The costs to society of tobacco smoking occur at 3 levels:
1) Direct financial costs: these include costs to patients and healthcare systems: doctor visits and prescriptions, surgeries and other procedures, chemotherapy for cancer, for example.
2) Indirect financial costs: These include, among others, financial losses to businesses due to individuals taking time off work for tobacco-related sickness, costs of healthcare for passive smokers, costs of fires caused by cigarettes.
3) Intangible costs: Examples of these are non-financial issues such as pain and suffering of victims and their relatives and friends, loss of life, reduced quality of life, costs of the loss of a normal childhood and education in child labourers who work for the tobacco industry in many countries.
There is a frequent tendency in academic, governmental and public documents and articles to talk about the costs of human disease in financial terms. Diabetes costs this much money, heart disease costs that many millions of dollars. But the real costs of disease and human suffering are much more than financial. How can we put a dollar price on the most important human issues of all: physical pain, loss of health and life, and emotional and psychological suffering?
Therefore, those intangible costs of smoking are where our main focus should be and there is no monetary value that can be attached to them.
Having said this, what are the benefits of tobacco production and use to human beings? There are tax revenues from the sales of tobacco, profits for the tobacco companies (especially for their executives and shareholders), wages and employment for others who work in the tobacco industry, immediate benefits that smokers get from smoking (feeling calm, relief from withdrawal, social relaxation, for example). Some people might argue that there is also reduction in pension costs because tobacco kills many people before they reach retirement age, though obviously this is a dubious benefit.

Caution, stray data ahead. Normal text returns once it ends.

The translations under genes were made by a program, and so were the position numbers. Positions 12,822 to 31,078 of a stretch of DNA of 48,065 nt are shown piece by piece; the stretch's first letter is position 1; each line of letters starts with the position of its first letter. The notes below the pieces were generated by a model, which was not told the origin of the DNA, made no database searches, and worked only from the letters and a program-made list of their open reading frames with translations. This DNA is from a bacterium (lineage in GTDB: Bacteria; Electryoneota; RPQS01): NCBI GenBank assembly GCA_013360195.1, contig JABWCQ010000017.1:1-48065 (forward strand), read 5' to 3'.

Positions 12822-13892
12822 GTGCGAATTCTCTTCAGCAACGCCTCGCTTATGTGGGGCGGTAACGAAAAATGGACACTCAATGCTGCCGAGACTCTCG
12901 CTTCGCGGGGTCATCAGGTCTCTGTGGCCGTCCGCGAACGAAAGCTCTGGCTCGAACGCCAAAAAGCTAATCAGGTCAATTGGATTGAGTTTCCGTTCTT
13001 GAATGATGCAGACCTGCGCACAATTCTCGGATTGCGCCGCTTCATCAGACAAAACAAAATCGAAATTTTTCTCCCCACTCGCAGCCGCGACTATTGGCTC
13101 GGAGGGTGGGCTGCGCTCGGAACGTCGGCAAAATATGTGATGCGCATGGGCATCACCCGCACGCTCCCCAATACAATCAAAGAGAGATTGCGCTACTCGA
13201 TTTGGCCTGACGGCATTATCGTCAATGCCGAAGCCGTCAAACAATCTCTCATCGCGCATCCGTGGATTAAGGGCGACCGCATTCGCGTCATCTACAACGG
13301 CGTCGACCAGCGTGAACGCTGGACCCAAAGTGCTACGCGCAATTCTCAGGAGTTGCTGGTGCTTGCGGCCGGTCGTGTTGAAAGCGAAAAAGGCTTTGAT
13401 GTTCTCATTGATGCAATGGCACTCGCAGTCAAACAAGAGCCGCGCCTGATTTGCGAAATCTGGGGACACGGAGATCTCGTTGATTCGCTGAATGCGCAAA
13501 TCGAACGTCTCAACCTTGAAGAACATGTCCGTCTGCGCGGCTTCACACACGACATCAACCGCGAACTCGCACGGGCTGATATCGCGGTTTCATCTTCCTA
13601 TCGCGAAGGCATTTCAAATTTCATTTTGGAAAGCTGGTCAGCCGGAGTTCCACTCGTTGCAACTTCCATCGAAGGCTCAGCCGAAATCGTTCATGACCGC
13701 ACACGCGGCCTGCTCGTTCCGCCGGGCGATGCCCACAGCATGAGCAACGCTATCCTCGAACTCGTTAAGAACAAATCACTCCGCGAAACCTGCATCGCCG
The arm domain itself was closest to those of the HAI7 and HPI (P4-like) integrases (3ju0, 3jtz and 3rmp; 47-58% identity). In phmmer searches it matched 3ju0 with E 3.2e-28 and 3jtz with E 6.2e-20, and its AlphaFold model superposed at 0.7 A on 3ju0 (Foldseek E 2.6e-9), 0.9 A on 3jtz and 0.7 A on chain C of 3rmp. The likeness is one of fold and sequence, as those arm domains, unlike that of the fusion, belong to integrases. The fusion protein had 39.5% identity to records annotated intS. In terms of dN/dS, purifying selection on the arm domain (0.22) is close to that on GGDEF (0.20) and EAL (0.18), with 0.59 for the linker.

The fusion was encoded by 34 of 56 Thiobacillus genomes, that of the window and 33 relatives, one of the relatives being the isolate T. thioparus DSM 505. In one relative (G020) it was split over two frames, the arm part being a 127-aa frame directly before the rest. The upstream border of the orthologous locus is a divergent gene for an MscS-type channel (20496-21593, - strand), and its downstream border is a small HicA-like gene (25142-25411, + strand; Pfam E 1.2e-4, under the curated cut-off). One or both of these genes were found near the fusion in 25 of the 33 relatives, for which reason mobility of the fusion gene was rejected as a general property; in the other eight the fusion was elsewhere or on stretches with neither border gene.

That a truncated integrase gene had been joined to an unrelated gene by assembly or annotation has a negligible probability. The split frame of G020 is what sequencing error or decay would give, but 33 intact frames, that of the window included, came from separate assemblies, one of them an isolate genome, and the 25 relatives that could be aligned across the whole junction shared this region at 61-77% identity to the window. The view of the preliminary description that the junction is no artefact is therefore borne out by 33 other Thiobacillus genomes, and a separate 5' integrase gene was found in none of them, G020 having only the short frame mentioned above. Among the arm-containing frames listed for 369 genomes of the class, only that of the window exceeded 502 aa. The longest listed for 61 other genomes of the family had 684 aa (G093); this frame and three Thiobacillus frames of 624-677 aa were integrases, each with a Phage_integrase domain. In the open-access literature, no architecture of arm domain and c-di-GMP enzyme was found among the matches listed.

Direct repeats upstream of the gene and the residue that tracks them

A breakdown of costs of smoking to society in the United Kingdom in 2010 found that the yearly financial costs of smoking were 13 billion pounds sterling, of which National Health System costs were 2.8 billion pounds; 5.4 billion pounds were due to workers being off work because of smoking-related illness and workers taking “smoking breaks;” 4.1 billion pounds were due to loss of workforce productivity because of tobacco-related deaths. It’s worth mentioning that the estimated yearly cost of cleaning up tobacco-related litter such as butts and empty cigarette packs was over 300 million pounds.
But how can we analyse the costs to human misery of smoking? Really, we cannot. Every child who suffers daily, labouring in tobacco fields; every adult who dies miserably from lung cancer; every baby who becomes ill from a parent who smokes around them; every victim who is scarred from fires or burns caused by cigarettes; every person who has lost a loved one from a tobacco-related disease- each and every one of them is precious and not even all the money on Earth can replace their suffering.
Ekpu VU, Brown AK. The Economic Impact of Smoking and of Reducing Smoking Prevalence: Review of Evidence. Tobacco Use Insights 2015; 8:1-35. Published online 2015 Jul 14. doi: 10.4137/TUI.S15628